U.S. Chamber sees end to economic downturn

The worst recession in decades is clearly coming to an end, but job losses will continue to hamper the economy, the nation’s largest business lobby predicted Thursday.

The U.S. economy will grow at a rate of 2.5 percent to 3 percent in the third quarter, U.S. Chamber of Commerce chief economist Martin Regalia told reporters.

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The Chamber’s forecast is for the economy to continue to grow at that rate through the first half of 2010 as the effects of the $787 billion stimulus package make its way through the economy.

“I think we are out of this economic downturn,” said Regalia, who described the recession as the worst one the U.S. economy has faced since the Great Depression. He said the National Bureau of Economic Research months from now will probably pinpoint the recession as having ended in the third quarter.

But Regalia warned it could take years to create enough jobs for the economy to get back to its standing before the recession began in December 2007.

The nation’s unemployment rate stands at 9.4 percent but is expected to rise when the August jobs report is released on Friday. Regalia said the unemployment rate will likely near or top 10 percent in the next few months.

He also said it will take time to find jobs for the unemployed because of the explosion in “marginal” workers who do not work full-time, and “discouraged” workers who have left the labor markets. Such people are unemployed, but are not looking for work and so are not counted in the unemployment rate. The Chamber estimates there are 800,000 such people in the country.

The recession has cost the nation about 7 million jobs, and the economy needs to create about 1 million jobs annually. Regalia said he’s seen projections that it will take five years for the economy to create the 12 million jobs necessary to meet that demand.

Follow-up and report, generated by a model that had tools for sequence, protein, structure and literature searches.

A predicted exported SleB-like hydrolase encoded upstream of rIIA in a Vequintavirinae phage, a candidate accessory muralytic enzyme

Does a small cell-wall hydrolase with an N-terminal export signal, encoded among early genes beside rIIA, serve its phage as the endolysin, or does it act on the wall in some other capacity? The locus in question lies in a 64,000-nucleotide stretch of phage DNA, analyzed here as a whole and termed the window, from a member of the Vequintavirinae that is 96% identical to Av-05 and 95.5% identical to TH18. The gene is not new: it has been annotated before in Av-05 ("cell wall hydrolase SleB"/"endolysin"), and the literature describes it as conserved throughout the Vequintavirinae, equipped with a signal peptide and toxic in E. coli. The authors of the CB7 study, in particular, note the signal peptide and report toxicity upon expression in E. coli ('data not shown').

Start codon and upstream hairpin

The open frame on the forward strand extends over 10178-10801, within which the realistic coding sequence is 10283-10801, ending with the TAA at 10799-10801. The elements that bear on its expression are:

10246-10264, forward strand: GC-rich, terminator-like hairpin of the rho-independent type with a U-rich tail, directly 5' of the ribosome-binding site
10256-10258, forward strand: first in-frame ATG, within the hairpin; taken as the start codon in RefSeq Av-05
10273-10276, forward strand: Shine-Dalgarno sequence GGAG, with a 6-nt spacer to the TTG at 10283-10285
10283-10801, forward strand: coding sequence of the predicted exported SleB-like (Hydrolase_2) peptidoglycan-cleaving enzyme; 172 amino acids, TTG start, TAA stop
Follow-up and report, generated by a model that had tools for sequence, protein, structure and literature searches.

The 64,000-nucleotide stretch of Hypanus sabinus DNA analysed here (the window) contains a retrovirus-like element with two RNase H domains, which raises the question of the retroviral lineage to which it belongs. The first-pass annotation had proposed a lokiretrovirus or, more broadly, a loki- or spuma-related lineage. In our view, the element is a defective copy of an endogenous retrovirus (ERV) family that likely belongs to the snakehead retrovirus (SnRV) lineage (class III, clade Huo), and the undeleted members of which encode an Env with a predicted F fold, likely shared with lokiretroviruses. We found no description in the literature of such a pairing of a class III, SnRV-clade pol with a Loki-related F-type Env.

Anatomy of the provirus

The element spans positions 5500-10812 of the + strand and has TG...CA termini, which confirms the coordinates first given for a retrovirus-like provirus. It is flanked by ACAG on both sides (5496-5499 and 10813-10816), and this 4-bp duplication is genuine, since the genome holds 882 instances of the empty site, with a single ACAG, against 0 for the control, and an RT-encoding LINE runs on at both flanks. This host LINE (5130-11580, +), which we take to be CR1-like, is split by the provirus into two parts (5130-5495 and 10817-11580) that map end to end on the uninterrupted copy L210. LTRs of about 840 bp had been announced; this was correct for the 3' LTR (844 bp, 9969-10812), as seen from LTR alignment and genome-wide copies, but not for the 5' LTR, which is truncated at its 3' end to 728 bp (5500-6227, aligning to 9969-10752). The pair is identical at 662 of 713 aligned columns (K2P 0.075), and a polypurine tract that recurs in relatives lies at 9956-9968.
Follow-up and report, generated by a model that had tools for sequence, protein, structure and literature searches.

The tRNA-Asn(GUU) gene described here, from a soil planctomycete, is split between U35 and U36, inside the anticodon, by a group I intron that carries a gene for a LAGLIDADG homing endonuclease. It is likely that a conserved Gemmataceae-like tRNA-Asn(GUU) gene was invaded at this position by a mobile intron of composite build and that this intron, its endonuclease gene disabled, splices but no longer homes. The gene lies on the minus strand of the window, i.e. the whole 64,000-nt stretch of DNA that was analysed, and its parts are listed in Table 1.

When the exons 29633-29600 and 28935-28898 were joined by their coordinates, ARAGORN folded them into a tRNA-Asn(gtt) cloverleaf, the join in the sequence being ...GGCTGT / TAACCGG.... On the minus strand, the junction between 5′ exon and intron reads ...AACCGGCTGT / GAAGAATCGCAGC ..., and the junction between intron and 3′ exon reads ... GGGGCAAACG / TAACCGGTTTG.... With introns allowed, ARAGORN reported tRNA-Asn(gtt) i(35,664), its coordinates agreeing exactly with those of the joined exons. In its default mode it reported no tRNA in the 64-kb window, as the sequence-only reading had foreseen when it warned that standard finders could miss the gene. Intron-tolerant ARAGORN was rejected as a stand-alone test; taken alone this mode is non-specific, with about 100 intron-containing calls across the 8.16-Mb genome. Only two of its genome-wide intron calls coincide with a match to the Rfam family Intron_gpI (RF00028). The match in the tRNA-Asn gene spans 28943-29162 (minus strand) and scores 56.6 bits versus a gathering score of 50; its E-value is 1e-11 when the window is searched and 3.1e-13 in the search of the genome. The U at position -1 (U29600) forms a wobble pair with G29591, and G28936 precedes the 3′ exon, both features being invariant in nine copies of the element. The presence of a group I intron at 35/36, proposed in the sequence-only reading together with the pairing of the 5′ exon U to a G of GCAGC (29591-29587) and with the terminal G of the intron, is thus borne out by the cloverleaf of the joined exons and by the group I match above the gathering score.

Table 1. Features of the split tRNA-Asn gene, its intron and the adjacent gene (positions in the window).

“This is a daunting task,” Regalia said, and will force the economy to grow beyond average expectations.

All of this suggests a tough climate for lawmakers headed to the polls in November 2010. While the economy is likely to be in recovery mode, unemployment rates would linger.

Regalia credited the $700 billion Troubled Asset Relief Program for stemming the financial crisis and preventing the banking system from following investment banks into oblivion. He also said the stimulus, while not as “concise” as the Chamber would have preferred, is helping to bridge the economy to the point where the private sector will continue to grow.

Congressional Republicans and Democrats are engaged in a public relations battle over the stimulus, with the GOP describing it as a failure and Democrats hailing its benefits.

The record U.S. budget deficit is also expected to be an issue in 2010, and Regalia warned that U.S. debt levels are unsustainable. He predicted tensions between the Federal Reserve and White House will grow next summer as the Fed faces pressure to end its intervention in the economy to prevent inflation. That could slow economic growth, to the disadvantage of Democrats in power.

The Fed deserves tremendous credit for a series of unprecedented steps to stifle the recession, Regalia said.

Regalia said the Chamber supports Obama’s decision to renominate Fed Chairman Ben Bernanke to a second four-year term, and he urged Congress to move his confirmation “in short order.”

The Chamber is not predicting that the economy will slide into a downturn again next year, and instead forecasts growth in the second half of 2010 of less than 2 percent. However, Regalia said a “double-dip” recession is still possible, and warned the economy could be negatively impacted by the uncertainty of healthcare and climate change legislation.

He also argued against policies favored by the president and Democratic Congress that would increase taxes on businesses or on upper-income taxpayers. Regalia argued this will not bring in the additional revenue the government needs because of the downturn, and will instead stifle the economy.

The Chamber supports moving immigration legislation that would set up a temporary-worker program and provide a pathway to legalization for illegal immigrants. But Chamber Vice President Randy Johnson said he did not think Congress would take up an immigration bill in 2010, and said politically it would be more likely a bill would be considered in 2011.

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